So that can be 3D — it doesn’t have to be. You might be able to jump into an experience, like a 3D concert or something, from your phone, so you can get elements that are 2D or elements that are 3D. I’d love to go through a bunch of the use cases in more detail, but overall, I think that this is going to be a really big part of the next chapter for the technology industry, and it’s something that we’re very excited about.

It just touches a lot of the biggest themes that we’re working on. Think about things like community and creators as one, or digital commerce as a second, or building out the next set of computing platforms, like virtual and augmented reality, to give people that sense of presence. I think all of these different initiatives that we have at Facebook today will basically ladder up together to contribute to helping to build this metaverse vision.

And my hope, if we do this well, I think over the next five years or so, in this next chapter of our company, I think we will effectively transition from people seeing us as primarily being a social media company to being a metaverse company. And obviously, all of the work that we’re doing across the apps that people use today contribute directly to this vision in terms of building community and creators. So there’s a lot to jump into here. I’m curious what direction you want to take this in. But this is something that I’m spending a lot of time on, thinking a lot about, we’re working on a ton. And I think it’s just a big part of the next chapter for the work that we’re going to do in the whole industry."

New York Times – "We Need a New Term for Video Games"

"Everyone is trying to get us to come out — or stay in — and play. Seriously. Peloton, Netflix, Zoom, TikTok, Amazon, Apple and Google are all either experimenting or going much bigger into video games.

What’s going on?

The straightforward answer is that globally people already spend a lot of time and money on video games, and established game companies and newcomers alike are eyeing all sorts of interactive digital experiments to grab more of our time and money.

I’m excited for this development, even though my own avid video game playing ended in the era of BrickBreaker for the Blackberry. It feels as if we’re in the middle of reimagining both what a “video game” is and what online idle time can be — more engaging and social, perhaps, and a little less passive doomscrolling. (Or I might be reading too much into this. Yeah, it might just be about money.)

Whatever the motivation, games may soon feel inescapable. New features on Zoom — yup, that Zoom — include poker, trivia and mystery games. Peloton, the maker of $2,500 exercise bicycles, is releasing a game that allows people’s pedal power to command a rolling virtual wheel. Netflix this week confirmed that it planned to add video games to its online entertainment service. Facebook, TikTok, Amazon, Apple and Google to varying degrees are pitching us video games or selling game subscriptions. (The New York Times is going bigger into digital games and puzzles, too.)"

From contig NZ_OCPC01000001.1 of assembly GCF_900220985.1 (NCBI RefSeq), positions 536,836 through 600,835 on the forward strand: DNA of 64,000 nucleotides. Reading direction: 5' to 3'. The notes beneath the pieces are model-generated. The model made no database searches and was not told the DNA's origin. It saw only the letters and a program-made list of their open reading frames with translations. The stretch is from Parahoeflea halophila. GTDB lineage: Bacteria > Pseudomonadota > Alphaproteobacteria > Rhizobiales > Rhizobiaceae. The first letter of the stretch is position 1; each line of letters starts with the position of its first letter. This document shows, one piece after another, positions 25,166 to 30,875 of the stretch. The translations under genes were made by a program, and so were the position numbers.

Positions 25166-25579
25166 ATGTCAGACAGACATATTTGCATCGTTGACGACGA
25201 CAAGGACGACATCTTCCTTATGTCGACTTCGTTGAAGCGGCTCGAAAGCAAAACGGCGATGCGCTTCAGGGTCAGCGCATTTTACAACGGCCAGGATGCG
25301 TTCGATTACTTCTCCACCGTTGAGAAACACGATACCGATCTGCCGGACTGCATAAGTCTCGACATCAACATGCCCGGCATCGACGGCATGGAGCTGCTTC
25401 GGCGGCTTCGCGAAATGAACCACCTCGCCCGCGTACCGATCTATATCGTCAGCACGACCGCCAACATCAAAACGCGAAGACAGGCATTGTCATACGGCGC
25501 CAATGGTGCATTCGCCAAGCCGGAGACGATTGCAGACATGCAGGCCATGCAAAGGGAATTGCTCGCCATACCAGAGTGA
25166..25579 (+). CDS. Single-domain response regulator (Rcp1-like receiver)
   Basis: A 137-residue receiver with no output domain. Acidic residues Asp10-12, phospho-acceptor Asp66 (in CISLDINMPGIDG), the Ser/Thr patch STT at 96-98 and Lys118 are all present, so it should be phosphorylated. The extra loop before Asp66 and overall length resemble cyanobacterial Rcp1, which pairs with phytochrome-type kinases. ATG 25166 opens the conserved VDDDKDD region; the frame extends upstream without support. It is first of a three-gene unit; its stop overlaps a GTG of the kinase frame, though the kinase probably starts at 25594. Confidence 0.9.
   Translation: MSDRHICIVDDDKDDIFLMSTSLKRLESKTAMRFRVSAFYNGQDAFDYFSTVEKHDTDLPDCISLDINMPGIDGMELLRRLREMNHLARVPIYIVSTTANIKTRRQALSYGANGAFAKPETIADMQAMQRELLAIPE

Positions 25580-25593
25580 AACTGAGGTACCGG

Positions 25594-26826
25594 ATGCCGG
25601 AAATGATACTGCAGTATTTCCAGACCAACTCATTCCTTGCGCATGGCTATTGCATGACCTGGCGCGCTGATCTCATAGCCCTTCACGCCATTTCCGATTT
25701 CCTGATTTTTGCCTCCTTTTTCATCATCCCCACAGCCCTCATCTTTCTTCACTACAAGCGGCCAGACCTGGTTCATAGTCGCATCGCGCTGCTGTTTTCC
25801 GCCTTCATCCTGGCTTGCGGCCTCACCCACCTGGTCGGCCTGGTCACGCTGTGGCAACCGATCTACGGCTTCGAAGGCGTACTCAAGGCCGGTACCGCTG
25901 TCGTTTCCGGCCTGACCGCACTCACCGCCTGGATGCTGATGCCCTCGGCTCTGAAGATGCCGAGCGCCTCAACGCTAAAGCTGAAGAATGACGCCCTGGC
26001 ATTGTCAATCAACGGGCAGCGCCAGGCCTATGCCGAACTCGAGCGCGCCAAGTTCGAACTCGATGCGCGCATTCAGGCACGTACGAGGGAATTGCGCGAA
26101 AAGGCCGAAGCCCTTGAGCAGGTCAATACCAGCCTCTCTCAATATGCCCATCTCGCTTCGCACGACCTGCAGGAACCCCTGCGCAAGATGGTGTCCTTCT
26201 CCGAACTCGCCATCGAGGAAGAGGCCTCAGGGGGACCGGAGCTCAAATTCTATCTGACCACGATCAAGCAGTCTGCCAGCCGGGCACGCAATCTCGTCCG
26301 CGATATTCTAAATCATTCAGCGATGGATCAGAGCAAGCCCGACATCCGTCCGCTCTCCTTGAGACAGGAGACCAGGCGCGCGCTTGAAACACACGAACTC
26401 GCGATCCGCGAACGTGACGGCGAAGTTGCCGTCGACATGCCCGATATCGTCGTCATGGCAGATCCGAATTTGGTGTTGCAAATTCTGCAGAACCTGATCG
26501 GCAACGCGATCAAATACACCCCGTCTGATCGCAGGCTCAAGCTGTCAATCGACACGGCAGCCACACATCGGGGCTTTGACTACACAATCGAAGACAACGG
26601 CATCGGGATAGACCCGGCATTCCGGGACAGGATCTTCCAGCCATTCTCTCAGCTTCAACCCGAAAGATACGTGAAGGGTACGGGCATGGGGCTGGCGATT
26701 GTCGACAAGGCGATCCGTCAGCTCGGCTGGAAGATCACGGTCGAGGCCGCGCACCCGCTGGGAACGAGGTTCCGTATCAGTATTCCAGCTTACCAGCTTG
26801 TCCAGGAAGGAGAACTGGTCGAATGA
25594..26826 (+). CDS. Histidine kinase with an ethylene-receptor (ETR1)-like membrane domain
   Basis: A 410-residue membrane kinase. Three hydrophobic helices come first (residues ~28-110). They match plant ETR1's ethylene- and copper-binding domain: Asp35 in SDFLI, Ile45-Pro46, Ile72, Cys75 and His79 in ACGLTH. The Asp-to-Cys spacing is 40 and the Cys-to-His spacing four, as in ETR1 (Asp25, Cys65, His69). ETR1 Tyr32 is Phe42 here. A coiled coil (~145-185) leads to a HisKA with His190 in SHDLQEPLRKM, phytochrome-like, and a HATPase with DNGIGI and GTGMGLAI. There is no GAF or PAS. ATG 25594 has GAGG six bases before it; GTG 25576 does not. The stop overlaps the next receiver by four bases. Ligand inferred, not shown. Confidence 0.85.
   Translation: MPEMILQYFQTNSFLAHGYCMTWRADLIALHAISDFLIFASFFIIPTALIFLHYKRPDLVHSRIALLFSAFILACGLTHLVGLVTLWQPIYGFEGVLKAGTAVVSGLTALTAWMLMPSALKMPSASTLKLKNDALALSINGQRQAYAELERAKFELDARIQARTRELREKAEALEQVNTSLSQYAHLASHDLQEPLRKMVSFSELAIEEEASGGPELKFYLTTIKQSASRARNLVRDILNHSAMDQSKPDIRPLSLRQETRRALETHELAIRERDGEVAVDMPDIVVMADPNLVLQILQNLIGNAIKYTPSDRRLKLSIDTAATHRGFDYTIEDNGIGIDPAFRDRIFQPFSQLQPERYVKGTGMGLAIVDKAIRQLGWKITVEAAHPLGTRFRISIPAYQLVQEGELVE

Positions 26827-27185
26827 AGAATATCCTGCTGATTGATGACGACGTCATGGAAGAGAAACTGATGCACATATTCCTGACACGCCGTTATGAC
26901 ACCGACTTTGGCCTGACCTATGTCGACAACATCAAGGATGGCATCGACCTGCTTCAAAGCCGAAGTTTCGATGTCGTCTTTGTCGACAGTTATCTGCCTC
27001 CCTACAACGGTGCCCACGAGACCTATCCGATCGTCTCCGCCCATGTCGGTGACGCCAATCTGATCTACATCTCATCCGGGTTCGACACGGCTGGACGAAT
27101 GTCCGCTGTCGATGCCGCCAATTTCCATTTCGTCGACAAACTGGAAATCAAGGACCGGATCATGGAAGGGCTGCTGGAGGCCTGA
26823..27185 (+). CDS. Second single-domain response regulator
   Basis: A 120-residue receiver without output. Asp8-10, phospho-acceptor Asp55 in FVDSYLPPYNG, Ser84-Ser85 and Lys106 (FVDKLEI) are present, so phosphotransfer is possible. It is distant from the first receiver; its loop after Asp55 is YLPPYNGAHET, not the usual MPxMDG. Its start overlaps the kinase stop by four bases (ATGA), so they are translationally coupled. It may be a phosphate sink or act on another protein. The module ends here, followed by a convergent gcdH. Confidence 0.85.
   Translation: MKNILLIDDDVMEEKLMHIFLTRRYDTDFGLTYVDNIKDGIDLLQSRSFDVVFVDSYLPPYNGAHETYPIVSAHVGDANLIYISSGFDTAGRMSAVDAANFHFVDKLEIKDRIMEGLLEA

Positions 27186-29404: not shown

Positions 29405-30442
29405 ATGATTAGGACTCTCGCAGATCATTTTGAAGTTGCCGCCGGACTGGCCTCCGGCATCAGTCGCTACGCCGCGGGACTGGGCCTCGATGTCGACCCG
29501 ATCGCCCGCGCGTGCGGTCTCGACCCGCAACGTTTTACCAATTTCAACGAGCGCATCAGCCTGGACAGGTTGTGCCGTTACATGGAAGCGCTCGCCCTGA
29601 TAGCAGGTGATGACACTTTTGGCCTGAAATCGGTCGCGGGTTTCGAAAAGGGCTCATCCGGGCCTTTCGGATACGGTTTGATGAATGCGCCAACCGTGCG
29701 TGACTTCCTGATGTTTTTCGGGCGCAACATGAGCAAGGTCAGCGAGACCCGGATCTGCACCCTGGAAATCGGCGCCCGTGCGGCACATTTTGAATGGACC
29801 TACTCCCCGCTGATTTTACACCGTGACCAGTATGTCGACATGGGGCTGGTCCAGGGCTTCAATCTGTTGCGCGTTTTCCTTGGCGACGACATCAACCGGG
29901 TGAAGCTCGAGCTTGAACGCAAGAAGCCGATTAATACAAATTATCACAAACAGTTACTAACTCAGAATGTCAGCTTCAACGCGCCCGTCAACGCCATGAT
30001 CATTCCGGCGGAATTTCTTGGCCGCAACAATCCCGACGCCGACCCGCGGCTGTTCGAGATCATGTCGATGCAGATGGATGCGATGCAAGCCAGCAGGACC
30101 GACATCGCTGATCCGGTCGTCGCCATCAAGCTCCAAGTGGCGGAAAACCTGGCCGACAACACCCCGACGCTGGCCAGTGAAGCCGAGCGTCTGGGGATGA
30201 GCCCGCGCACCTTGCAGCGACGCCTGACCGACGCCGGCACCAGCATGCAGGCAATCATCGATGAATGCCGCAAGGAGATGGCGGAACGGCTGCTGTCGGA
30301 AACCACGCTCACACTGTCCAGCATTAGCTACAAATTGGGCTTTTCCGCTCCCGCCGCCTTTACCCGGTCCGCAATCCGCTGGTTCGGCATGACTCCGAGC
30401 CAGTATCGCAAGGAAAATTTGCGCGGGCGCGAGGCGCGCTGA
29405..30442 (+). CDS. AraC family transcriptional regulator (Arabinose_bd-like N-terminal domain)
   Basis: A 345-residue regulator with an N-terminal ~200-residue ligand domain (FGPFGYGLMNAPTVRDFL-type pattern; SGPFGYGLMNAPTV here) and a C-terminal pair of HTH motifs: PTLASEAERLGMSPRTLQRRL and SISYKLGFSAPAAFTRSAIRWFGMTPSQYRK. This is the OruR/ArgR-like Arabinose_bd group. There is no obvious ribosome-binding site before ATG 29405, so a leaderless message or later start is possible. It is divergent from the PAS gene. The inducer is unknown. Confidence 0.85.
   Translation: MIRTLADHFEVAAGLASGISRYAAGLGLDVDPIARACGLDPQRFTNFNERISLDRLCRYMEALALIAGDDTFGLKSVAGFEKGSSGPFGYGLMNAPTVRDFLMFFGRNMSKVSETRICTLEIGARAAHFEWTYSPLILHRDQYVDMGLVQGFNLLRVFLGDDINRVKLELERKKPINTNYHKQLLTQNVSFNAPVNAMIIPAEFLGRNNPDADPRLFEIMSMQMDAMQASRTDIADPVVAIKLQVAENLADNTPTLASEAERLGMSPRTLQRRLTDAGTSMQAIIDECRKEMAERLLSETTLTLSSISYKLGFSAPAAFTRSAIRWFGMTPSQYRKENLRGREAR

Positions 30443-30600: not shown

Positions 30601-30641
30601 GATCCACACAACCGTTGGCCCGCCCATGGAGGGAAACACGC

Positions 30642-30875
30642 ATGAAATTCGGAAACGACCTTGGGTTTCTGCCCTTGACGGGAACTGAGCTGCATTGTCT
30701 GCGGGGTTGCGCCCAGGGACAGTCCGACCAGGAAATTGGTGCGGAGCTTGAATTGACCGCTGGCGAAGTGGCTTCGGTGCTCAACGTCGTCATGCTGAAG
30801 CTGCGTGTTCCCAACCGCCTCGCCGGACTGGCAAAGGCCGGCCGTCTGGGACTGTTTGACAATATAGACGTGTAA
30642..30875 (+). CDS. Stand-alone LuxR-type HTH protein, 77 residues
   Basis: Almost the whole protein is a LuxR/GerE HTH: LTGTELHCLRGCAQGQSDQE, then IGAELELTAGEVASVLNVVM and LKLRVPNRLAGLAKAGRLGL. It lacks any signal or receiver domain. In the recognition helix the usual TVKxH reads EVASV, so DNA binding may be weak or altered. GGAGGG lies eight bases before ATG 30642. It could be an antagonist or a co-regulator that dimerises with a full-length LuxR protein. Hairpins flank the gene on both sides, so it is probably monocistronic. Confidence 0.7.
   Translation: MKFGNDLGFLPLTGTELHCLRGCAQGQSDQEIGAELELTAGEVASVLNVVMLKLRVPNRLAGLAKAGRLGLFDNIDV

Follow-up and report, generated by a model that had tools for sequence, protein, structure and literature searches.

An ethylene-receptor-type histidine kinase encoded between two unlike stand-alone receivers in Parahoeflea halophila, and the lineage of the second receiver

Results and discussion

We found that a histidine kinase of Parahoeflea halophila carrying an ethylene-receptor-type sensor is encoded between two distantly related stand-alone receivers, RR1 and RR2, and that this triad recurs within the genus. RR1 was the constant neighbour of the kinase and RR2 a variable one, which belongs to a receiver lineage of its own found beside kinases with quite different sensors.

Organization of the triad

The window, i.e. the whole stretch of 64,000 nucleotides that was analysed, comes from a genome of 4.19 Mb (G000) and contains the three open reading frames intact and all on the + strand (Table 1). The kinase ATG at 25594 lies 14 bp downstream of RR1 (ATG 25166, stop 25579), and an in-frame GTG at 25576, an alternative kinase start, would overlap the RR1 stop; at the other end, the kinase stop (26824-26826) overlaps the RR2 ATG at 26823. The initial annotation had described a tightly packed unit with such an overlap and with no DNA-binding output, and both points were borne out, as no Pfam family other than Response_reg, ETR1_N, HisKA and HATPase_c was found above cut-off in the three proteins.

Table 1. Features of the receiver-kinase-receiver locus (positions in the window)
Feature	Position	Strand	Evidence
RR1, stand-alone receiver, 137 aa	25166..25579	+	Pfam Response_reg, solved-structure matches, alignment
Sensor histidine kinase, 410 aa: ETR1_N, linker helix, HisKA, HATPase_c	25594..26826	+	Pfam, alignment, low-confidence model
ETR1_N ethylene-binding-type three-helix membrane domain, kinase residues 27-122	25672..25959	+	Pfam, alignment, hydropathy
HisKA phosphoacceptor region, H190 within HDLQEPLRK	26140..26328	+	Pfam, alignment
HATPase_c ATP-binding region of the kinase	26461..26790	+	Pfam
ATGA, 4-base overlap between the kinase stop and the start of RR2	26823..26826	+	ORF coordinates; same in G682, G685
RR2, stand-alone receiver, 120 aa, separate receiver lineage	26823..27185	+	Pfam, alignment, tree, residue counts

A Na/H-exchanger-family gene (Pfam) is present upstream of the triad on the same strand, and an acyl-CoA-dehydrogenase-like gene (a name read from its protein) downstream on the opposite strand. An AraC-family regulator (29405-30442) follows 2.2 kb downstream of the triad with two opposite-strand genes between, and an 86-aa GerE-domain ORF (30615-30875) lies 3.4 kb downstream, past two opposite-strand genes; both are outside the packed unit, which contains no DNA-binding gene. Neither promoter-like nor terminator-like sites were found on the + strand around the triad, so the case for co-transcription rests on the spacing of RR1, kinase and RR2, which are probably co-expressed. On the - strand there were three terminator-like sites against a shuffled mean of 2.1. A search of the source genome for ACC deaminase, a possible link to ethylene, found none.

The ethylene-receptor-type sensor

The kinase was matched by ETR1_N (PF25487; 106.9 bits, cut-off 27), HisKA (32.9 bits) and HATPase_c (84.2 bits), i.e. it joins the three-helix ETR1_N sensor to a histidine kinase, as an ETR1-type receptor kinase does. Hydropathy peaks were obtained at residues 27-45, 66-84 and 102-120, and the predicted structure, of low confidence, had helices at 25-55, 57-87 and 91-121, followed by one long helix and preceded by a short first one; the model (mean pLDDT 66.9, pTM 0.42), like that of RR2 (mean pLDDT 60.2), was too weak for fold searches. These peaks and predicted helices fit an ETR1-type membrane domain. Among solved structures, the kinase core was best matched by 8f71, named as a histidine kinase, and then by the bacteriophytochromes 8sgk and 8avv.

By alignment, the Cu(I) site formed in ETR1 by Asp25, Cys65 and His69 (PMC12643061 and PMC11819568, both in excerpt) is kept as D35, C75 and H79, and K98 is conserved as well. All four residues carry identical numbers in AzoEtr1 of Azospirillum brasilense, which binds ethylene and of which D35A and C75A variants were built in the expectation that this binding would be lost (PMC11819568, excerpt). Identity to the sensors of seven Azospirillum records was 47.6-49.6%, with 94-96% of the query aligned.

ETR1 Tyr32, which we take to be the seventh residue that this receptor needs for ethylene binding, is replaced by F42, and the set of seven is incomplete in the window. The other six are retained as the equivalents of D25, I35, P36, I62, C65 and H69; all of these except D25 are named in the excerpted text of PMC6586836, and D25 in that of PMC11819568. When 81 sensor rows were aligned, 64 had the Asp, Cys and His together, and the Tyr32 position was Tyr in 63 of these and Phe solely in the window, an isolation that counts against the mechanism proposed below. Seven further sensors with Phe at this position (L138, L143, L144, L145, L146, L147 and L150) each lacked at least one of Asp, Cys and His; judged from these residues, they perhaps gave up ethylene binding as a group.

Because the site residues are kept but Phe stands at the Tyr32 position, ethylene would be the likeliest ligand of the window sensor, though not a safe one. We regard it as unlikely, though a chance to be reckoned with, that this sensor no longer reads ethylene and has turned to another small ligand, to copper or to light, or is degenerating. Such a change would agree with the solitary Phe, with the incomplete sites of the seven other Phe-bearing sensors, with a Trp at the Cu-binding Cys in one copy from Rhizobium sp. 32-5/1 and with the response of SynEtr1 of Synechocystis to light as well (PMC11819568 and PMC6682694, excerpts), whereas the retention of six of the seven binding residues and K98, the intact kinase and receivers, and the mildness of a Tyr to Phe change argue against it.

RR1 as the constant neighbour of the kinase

Tokyo Olympic Pictograms


The Cut – "New Sport Alert!!!"

Washington Post – "Human pictograms stole the show at the Tokyo Olympics' Opening Ceremonies"

Cleveland Guardians


ESPN – "Cleveland changing name from Indians to Guardians after 2021 season" – "The inside story of how Cleveland Indians became Cleveland Guardians – Terry Pluto"



July 22, 2022

Written & Directed by Jordan Peele (Get Out)

Furniture Ideas

Sunday, July 18, 2021

Nike - This is Tomorrow

Lachlan's Alt Tour


New York Times Magazine – "A Tour de France With a Twist: Only 1 Rider"

"What made the alt tour feel special, though, has little to do with whether the black dot would overtake the pink. More enjoyable by far was the vicarious thrill of experiencing an epic journey that had been flattened into the two-dimensional space of a screen, but not compressed — the whole journey was there, spooling out in real time. With no television cameras or commentators to narrativize the relationship between those two small dots, the lone rider and the full event, the vague terrain between them was cultivated instead by the imagination. What grew in that space, aside from branding opportunities, was precisely what our pandemic year has made us crave and fear in equal measure: adventure. Proof of this could be found at Rapha’s Instagram feed, where some “dot watchers” became part of the story: After days spent following his progress across the map, they saw it pass through their villages or towns, where they hopped on their bikes and joined him for an hour or two. Morton briefly became a member of their community, and they briefly became part of the unique advertisement unfolding on social media."

The Alt Tour (de France)

1896 Athens Olympics


Wikipedia – "1896 Summer Olympics"

"Fourteen nations (according to the IOC, though the number is subject to interpretation) and 241 athletes (all males; this number is also disputed) took part in the games. Participants were all European, or living in Europe, with the exception of the United States team. Over 65% of the competing athletes were Greek. Winners were given a silver medal, while runners-up received a copper medal. Retroactively, the IOC has converted these to gold and silver, and awarded bronze medals to third placed athletes. Ten of the 14 participating nations earned medals. The United States won the most gold medals, 11, while host nation Greece won the most medals overall, 46. The highlight for the Greeks was the marathon victory by their compatriot Spyridon Louis. The most successful competitor was German wrestler and gymnast Carl Schuhmann, who won four events."


"At the 1894 Sorbonne congress, a large roster of sports were suggested for the program in Athens. The first official announcements regarding the sporting events to be held featured sports such as football and cricket,[46] but these plans were never finalised, and these sports did not make the final list for the Games.[47] Rowing and yachting were also scheduled, but were cancelled due to poor weather on the planned day of competition.[48] As a result, the 1896 Summer Olympics programme featured 9 sports encompassing 10 disciplines and 43 events. The number of events in each discipline is noted in parentheses.